Metal has never had it easy in Syria, often perceived as «satanic music» by society. With the start of the war, organizing and playing Metal concerts became increasingly dangerous. Monzer Darwish’s compelling documentary Syrian Metal Is War captures the story of how the Metal underground in Syria seeks to survive – and much more, says Anna Trechsel, who links the film to personal memories.
Damascus, summer of 2006. I’m sitting in a café in the old city, sipping on a water pipe and a refreshing mint lemonade, hanging out with some people I’ve met through a mutual friend. There’s a war going on in neighbouring Lebanon: Israel is fighting the Shiite Hezbollah militia.
The group of people I hang out with have nothing to do with politics: they hate war, they hate violence. The guys wear their long hair in ponytails and their clothes are black: they’re metalheads. Muslim, Christian, Alawi – they don’t give a damn about religion. But they love music. This is something their families don’t understand – and Syrian society doesn’t, either. «Satanists», they’re called. «What a load of bullshit», one of them says as he drags on his cigarette. They’re outcasts, outsiders – and a bunch of truly lovely people.
Another Syria from What Was Before
Only five years later, war comes to Syria and utterly destroys and ravages the country. I don’t know what has become of Anas, Michel, Lamya: the people I’ve hung out with five summers ago. Are they safe? Have the guys been conscripted into the army? I don’t know, and I won’t know: I haven’t kept in touch with them. But I think about them, and I wonder.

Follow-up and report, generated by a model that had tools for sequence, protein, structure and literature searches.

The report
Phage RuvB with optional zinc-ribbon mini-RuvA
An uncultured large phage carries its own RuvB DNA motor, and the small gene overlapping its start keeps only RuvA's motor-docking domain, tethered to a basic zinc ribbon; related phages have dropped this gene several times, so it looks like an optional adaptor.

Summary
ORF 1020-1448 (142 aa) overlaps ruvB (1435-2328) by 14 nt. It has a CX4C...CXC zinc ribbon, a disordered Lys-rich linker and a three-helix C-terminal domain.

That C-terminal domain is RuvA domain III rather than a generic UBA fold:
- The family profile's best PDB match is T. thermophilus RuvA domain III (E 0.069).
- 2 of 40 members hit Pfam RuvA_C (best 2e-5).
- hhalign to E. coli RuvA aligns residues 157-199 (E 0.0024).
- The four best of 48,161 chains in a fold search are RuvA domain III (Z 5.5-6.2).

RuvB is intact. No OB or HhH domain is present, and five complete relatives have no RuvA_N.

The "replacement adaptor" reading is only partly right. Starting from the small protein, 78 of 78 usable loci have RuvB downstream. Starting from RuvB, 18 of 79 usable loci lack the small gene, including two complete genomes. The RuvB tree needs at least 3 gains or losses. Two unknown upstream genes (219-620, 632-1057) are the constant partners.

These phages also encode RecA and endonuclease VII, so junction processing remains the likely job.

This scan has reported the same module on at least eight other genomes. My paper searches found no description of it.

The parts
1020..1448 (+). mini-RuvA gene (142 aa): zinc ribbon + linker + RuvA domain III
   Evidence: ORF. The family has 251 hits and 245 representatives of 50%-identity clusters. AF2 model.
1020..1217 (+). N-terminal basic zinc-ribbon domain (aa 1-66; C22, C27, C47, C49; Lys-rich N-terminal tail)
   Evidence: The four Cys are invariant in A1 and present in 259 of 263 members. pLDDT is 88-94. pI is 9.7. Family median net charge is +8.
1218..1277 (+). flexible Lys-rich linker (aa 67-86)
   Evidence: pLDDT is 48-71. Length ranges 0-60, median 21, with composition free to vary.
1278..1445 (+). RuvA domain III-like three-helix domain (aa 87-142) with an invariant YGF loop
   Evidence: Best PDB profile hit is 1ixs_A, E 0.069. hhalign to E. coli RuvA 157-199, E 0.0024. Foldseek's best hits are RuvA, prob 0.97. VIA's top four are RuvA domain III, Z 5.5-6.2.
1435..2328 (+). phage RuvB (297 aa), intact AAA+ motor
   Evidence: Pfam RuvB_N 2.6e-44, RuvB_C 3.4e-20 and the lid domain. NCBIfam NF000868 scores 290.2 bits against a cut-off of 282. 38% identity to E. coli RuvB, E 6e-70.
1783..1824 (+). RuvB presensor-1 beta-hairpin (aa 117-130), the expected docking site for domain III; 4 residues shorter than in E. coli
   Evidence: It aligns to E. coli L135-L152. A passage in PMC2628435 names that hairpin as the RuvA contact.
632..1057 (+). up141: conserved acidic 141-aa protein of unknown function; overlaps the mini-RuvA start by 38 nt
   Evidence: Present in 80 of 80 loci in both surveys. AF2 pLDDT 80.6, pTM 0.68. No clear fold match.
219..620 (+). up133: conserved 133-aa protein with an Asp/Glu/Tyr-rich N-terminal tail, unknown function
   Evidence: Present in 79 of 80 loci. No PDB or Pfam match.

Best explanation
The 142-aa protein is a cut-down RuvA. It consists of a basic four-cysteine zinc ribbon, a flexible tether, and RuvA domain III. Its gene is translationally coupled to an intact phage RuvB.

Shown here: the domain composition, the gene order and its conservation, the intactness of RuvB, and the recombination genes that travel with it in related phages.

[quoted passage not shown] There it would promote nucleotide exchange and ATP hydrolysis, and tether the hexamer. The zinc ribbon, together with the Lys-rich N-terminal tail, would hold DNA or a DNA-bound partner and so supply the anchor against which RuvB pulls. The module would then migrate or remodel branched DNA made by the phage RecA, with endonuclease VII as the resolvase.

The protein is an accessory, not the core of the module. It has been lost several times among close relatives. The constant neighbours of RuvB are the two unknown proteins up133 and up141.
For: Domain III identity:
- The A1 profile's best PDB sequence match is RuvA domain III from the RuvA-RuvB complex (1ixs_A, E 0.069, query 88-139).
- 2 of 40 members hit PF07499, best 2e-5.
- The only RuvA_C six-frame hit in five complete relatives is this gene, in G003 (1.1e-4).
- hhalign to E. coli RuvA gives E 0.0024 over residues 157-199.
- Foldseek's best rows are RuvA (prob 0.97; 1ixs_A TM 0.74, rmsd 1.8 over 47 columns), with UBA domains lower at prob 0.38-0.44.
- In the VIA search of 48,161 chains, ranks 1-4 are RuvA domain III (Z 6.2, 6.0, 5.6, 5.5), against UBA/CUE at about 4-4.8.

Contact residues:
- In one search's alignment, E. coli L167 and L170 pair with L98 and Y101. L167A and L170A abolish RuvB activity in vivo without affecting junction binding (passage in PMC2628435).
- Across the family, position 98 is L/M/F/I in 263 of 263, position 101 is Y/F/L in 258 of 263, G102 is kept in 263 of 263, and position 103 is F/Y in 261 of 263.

How does war affect people, what does it do to you? As a privileged Swiss, I might never truly know. What we see and hear and read about the situation in Syria is mostly about politics, a lot of which hasn’t anything to do with Syria at all. We also read about the humanitarian crisis, a human tragedy so intense it is hard to grasp. We see Syria through a lens that makes us see it as a country full of hatred, full of misery, full of violence and death.
That’s not the Syria I know, not the Syria I’ve grown to love – not only for the beauty of its sights and its nature, but also for the kindness of its people.
A Call for Creative Freedom
A human side of Syria that we rarely get to see anymore: that’s exactly what the documentary Syrian Metal is War shows us. It’s a deeply moving portrait of the Syrian Metal scene during the war that is so much more than a film about Metal musicians in Syria: it’s a film about passion, resilience, and the importance of art – or music – to the human condition.
The filmmaker, Monzer Darwish, is himself part of the scene, so his film can also be seen as a tribute to his friends and musical family. Monzer filmed the footage between 2013 and 2014, mostly on a mobile phone so as not to be discovered. Being a metalhead and a filmmaker in Syria carries a huge risk. He has since left Syria and lives in the Netherlands with his wife Lyn, adapting to life as a refugee and an immigrant. Not an easy life, but at least a safe one.
In 2015, Norient Musikfilm Festival screened a rough-cut of this film. In exile, Monzer Darwish has finally been able to edit the footage from back then and finish the movie. In its full length and intensity Syrian Metal is War offers a unique view of Syrian metalheads – and of Syrian human beings. Amidst the chaos of war, the brutality and violence, it also offers a glimmer of hope.